Local and distributed PiB accumulation associated with development of preclinical Alzheimer's disease

Matthew R. Brier, John E. McCarthy, Tammie L.S. Benzinger, Ari Stern, Yi Su, Karl A. Friedrichsen, John C. Morris, Beau M. Ances, Andrei G. Vlassenko

Research output: Contribution to journalArticlepeer-review

7 Scopus citations

Abstract

Amyloid-beta plaques are a hallmark of Alzheimer's disease (AD) that can be assessed by amyloid imaging (e.g., Pittsburgh B compound [PiB]) and summarized as a scalar value. Summary values may have clinical utility but are an average over many regions of interest, potentially obscuring important topography. This study investigates the longitudinal evolution of amyloid topographies in cognitively normal older adults who had normal (N = 131) or abnormal (N = 26) PiB scans at baseline. At 3 years follow-up, 16 participants with a previously normal PiB scan had conversion to PiB scans consistent with preclinical AD. We investigated the multivariate relationship (canonical correlation) between baseline and follow-up PiB topographies. Furthermore, we used penalized regression to investigate the added information derived from PiB topography compared to summary measures. PiB accumulation can be local, that is, a topography predicting the same topography in the future, and/or distributed, that is, one topography predicting another. Both local and distributed PiB accumulation was associated with conversion of PiB status. Additionally, elements of the multivariate topography, and not the commonly used summary scalar, correlated with future PiB changes. Consideration of the entire multivariate PiB topography provides additional information regarding the development of amyloid-beta pathology in very early preclinical AD.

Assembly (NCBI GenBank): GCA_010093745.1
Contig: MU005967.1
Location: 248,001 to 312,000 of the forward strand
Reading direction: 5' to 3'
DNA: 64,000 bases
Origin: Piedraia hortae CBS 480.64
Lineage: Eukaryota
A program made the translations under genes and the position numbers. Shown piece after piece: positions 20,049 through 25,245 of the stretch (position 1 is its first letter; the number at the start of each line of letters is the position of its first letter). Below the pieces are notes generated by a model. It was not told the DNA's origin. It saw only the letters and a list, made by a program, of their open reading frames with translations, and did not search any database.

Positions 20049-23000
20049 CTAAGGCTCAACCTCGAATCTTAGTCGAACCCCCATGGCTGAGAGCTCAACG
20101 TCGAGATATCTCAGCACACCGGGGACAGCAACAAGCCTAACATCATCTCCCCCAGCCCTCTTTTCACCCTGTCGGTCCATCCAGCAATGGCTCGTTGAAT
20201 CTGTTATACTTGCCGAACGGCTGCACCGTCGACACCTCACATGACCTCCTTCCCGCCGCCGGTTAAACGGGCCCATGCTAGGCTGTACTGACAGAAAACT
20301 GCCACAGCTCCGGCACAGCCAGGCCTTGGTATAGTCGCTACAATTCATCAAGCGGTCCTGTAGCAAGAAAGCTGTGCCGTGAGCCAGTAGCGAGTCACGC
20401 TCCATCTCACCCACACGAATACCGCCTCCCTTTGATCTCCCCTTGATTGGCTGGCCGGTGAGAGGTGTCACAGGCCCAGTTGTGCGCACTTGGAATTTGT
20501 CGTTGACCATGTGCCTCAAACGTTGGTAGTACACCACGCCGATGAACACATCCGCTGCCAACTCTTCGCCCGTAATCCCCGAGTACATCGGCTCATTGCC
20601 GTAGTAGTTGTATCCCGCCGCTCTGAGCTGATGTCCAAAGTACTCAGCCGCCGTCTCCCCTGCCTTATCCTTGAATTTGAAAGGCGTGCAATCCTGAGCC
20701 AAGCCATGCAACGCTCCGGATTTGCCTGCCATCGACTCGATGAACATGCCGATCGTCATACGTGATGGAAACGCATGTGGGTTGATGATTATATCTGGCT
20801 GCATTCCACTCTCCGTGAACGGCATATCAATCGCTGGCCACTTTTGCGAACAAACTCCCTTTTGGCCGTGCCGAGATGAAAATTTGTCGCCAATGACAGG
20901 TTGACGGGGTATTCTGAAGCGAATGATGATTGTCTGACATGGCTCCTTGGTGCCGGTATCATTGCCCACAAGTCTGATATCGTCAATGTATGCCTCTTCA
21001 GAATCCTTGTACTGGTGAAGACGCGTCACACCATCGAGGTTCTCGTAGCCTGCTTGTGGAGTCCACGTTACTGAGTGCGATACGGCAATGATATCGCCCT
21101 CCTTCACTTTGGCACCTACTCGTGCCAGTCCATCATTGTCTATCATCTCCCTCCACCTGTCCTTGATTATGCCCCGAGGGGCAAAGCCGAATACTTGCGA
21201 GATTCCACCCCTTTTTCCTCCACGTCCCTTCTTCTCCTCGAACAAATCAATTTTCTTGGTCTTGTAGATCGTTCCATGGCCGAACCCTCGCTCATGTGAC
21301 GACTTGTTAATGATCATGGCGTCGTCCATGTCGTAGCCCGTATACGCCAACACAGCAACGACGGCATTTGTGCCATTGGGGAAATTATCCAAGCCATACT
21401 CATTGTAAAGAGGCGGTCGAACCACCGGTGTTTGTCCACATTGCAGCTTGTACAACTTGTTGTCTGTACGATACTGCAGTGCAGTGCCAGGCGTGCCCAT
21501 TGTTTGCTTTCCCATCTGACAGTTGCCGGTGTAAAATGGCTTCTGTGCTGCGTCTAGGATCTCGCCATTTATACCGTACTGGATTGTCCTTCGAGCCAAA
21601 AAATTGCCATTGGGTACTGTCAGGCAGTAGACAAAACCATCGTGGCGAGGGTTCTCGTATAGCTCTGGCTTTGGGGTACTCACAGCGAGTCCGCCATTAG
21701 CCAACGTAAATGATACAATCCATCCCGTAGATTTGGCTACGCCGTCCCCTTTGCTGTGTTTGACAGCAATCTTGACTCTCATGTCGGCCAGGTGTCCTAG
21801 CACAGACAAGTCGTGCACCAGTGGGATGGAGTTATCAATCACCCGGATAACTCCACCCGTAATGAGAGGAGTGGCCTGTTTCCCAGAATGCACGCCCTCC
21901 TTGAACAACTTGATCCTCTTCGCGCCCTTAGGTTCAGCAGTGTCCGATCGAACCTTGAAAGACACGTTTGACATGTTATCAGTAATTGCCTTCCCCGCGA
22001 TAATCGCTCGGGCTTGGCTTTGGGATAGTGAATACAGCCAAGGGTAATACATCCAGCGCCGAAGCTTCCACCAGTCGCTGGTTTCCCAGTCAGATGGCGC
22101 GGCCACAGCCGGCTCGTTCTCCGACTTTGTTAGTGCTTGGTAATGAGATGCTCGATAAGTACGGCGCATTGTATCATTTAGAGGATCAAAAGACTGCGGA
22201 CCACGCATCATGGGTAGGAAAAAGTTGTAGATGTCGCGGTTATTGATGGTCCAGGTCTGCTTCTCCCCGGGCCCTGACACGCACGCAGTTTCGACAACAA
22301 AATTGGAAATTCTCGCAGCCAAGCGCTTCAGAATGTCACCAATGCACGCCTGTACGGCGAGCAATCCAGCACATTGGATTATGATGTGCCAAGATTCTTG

Original languageEnglish
Pages (from-to)104-111
Number of pages8
JournalNeurobiology of Aging
Volume38
DOIs
StatePublished - 2016

Keywords

  • Amyloid beta
  • Canonical correlation
  • Lasso
  • Multivariate statistics

Fingerprint

Dive into the research topics of 'Local and distributed PiB accumulation associated with development of preclinical Alzheimer's disease'. Together they form a unique fingerprint.

Cite this